People & Events: Japan, POWs and the Geneva Conventions
The Geneva Conventions are four separate treaties negotiated and re-negotiated by international committees between 1864 and 1977 to govern human rights during wartime.
Safeguard for Doctors and Nurses
Henri Dunant, founder of the International Committee of the Red Cross, was the first to propose international rules for the treatment of doctors and victims during wartime. After witnessing the battle for Solferino in Italy in 1859, Dunant committed himself to promote the "adoption by all civilized nations of an international and sacred principle which would be assured and placed on record by a convention to be concluded between governments. This would serve as a safeguard for all official and unofficial persons engaged in nursing war victims."
White Flag and Red Cross
In 1864, representatives of thirteen nations met in Geneva to discuss the plight of people wounded in wartime. On August 22, 1864, they signed the first Geneva Convention, agreeing that those wounded in war, as well as the people and facilities catering to the wounded, would merit non-belligerent status. Further, they agreed that prisoners should be returned to their native countries. The white flag and red cross would serve both hospitals and ambulances as symbols of neutrality.
Over the course of the next century, more qualifications and rules were added to the conventions. Standards for the "humane treatment" of POWs were established in 1907 at an International Conference at The Hague, Netherlands. In 1929 the Geneva Convention Relative to the Treatment of Prisoners of War was signed by 47 governments. Japan signed the 1929 convention but failed to ratify it. However, in 1942, Japan indicated it would follow the Geneva rules and would observe the Hague Convention of 1907 outlining the laws and customs of war.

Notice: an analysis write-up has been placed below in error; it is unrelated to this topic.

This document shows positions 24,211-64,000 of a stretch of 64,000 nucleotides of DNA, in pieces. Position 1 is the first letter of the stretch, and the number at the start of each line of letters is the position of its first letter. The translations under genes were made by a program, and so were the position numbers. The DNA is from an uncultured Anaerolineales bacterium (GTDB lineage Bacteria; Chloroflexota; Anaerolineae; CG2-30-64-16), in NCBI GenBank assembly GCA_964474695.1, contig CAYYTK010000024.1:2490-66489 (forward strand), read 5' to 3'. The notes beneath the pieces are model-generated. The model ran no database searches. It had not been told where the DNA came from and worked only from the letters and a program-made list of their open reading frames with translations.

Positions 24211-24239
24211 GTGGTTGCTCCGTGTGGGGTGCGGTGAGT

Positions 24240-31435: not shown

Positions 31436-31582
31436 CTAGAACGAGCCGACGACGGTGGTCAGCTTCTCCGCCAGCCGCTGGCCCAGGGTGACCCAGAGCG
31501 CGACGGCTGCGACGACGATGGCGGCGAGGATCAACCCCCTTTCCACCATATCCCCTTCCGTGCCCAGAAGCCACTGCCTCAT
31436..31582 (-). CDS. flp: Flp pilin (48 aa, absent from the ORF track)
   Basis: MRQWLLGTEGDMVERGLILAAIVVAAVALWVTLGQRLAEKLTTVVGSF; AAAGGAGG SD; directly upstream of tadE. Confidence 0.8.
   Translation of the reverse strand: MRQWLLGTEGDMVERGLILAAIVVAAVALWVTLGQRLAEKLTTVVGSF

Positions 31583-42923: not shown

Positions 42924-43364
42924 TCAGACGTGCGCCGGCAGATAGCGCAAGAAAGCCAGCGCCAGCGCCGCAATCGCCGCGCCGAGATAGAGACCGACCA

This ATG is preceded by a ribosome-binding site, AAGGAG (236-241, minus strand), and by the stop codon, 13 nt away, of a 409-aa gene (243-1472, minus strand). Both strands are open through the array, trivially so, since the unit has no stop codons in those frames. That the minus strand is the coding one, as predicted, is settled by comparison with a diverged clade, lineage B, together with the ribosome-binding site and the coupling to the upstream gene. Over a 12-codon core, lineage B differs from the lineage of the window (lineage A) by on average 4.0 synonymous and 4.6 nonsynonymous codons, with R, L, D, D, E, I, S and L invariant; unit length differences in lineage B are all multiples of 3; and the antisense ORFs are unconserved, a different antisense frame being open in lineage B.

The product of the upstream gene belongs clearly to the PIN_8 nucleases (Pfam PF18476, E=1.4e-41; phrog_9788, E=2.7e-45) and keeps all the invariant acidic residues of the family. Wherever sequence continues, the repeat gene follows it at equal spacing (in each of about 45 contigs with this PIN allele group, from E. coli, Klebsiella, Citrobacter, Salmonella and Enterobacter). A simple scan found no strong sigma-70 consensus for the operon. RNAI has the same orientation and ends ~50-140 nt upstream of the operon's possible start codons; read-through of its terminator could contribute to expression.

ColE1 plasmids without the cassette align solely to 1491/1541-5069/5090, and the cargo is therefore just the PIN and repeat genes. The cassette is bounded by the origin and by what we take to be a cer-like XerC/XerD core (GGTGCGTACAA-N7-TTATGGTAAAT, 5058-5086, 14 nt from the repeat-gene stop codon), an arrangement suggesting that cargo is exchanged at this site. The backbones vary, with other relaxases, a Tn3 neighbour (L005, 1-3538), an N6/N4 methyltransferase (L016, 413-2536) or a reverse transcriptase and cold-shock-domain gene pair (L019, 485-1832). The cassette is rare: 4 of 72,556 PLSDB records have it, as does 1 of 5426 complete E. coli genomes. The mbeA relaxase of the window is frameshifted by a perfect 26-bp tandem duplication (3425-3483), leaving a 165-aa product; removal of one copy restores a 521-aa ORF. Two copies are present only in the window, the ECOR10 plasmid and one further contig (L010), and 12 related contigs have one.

That Japanese forces did not strictly follow the Geneva Conventions is hardly a matter of debate. According to Dr. William Skelton III, who produced a document entitled American Ex Prisoners of War for the U.S. Department of Veterans' Affairs, more POWs died at the hands of the Japanese in the Pacific theater and specifically in the Philippines than in any other conflict to date. In Germany in WWII, POWs died at a rate 1.2%. In the Pacific theater the rate was 37%. In the Philippines, POWs died at a rate of 40%. In total 11,107 American soldiers captured in the Philippines died. Some died in the Philippines. Others were transported and died in places like Korea, Taiwan, Manchuria, or the Japanese home islands. Still others were killed in the "Hell Ships" en route to Japan, ships that were bombed by American planes or torpedoed by American ships whose crewmen did not realize their countrymen were in the transport holds.
Today's debate revolves around how to rectify damages and compensate survivors. In 1951 a U.S.-Japanese treaty sought to minimize war reparations. However, in recent years, individuals and advocacy groups have been suing Japanese corporations as well as the government of Japan, citing violations of both the Hague and Geneva Conventions.
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